• New mental health surveys for kids in King County middle schools

    By: Joanna Small


    Teen suicide rates have reached epidemic proportions nationwide and in Washington state. A dozen schools in King County are participating in a program aimed at addressing depression and suicide in kids before it’s too late.

    Districts across the state do all kinds of surveys, the most publicized of which is probably the Healthy Youth Survey.  It’s anonymous and the objective is to identify and track trends with drugs and alcohol, depression and suicide by age group.

    A pilot program in King County is offering a different kind of survey that hones in on the individual students at the middle school level.

    Remember how easy it was to get lost in the fray of the crowded middle school hallways?  To be generalized? Marginalized?

    Alex Ramos does;  he almost didn’t survive it.

    “I first attempted suicide when I was in sixth grade 'cause people bullied me a lot.  I was the weird kid,” Alex told us.

    Today he’s a senior at an alternative school in Snohomish County, helping other kids realize there’s hope by painting the bathroom stalls inside Crossroads High School with encouraging words and phrases—ones he needed to hear back in middle school.

    “I wanted to do something like showing someone overcoming something like an obstacle, so I did this guy climbing over his wall,” Alex explained, showing us a stall door where he painted a teen sitting on top of a brick wall.

    Alex is a first-generation American who will be the first in his family to graduate high school. He is also transgender.

    He is the type of kid who is usually flagged by counselors and administrators as being at high risk for depression and suicide, yet he wasn’t.  

    Now there’s a new pilot program that aims not only to identify kids like Alex but also his classmates who really don’t have any risk factors at all.

    “They look OK on the outside, but what’s actually happening with them is they’re not necessarily talking about it with the adults around them, so this is a way for us to get all kids—the traditional kids who have always been the kids we more often recognize but also those kids who are less obvious,” David Downing told us.

    Downing is with Youth Eastside Services.  We spoke to him in Redmond along with Matt Gillingham, director of student services at the Lake Washington School District.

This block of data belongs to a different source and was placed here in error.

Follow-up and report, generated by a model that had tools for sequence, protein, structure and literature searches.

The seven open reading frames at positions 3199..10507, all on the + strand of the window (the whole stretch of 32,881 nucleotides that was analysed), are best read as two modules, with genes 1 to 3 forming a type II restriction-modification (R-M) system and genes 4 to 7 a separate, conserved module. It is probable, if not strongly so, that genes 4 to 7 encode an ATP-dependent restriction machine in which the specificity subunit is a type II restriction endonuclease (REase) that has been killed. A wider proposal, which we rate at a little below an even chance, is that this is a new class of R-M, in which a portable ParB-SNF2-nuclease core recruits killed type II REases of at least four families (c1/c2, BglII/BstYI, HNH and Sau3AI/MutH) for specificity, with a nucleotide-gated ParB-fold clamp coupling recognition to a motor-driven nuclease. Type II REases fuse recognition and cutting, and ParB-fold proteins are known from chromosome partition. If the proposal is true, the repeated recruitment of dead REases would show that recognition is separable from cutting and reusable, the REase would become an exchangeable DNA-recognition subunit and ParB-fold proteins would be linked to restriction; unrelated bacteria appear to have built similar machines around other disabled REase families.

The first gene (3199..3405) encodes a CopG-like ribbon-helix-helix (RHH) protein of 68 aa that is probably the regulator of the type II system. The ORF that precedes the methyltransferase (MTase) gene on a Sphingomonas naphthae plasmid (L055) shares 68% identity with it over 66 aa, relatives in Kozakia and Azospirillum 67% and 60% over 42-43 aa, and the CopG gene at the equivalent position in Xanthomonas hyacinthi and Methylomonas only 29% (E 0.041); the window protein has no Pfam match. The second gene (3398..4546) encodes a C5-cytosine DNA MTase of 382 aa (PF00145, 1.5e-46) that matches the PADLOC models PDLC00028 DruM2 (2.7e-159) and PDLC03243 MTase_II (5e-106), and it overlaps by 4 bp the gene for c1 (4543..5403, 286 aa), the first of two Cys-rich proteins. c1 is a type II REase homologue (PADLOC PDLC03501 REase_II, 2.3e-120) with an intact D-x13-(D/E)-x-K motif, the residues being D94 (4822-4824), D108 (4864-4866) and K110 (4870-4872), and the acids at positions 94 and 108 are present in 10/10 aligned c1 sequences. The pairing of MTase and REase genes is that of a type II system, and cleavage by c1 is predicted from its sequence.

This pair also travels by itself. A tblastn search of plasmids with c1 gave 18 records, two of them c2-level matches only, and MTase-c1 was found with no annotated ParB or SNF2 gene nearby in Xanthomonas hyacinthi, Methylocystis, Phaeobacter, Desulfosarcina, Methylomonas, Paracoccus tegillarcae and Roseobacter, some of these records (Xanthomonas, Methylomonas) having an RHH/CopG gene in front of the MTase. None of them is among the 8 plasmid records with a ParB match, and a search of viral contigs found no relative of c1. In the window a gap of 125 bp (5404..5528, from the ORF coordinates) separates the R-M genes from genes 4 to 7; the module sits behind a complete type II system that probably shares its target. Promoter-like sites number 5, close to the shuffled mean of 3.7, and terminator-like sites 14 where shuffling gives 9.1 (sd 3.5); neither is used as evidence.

YES is helping 12 districts across King County implement “universal mental health screenings” in all middle schools.

    The state’s Healthy Youth Survey showed in King County in 2016 the suicide rate jumped 18 percent.  Gillingham says in his school district, 13 percent of eighth-graders reported contemplating suicide.

    In the new survey, kids will answer questions like these: How safe do you feel at school?  Who supports you at home?  How do you feel about the future?

    It can help even if they don’t necessarily answer honestly.

    “One of the cool things about the screener is that students get feedback along the way about healthy behaviors, and so even if a student may not necessarily be sharing everything that’s going on with them, they’re getting some feedback.  They’re getting some information that can help lead to some choices,” Gillingham told us.  

    Eighth-graders will start taking the screenings later this fall. It will be a rollout, offering the surveys to small groups so that enough mental health support staff can be on hand if kids are in need of immediate attention.

    Alex has the help and support he needs now, but he says it would have saved him a lot of heartache had he gotten it years ago.

    “I definitely want to be able to help another person who is struggling, going through their own thing because everybody struggles.  Even people who you see and they're like always happy-- I think sometimes those people are the saddest, because they're trying to keep everyone else happy and they can't keep themselves happy,” he concluded.


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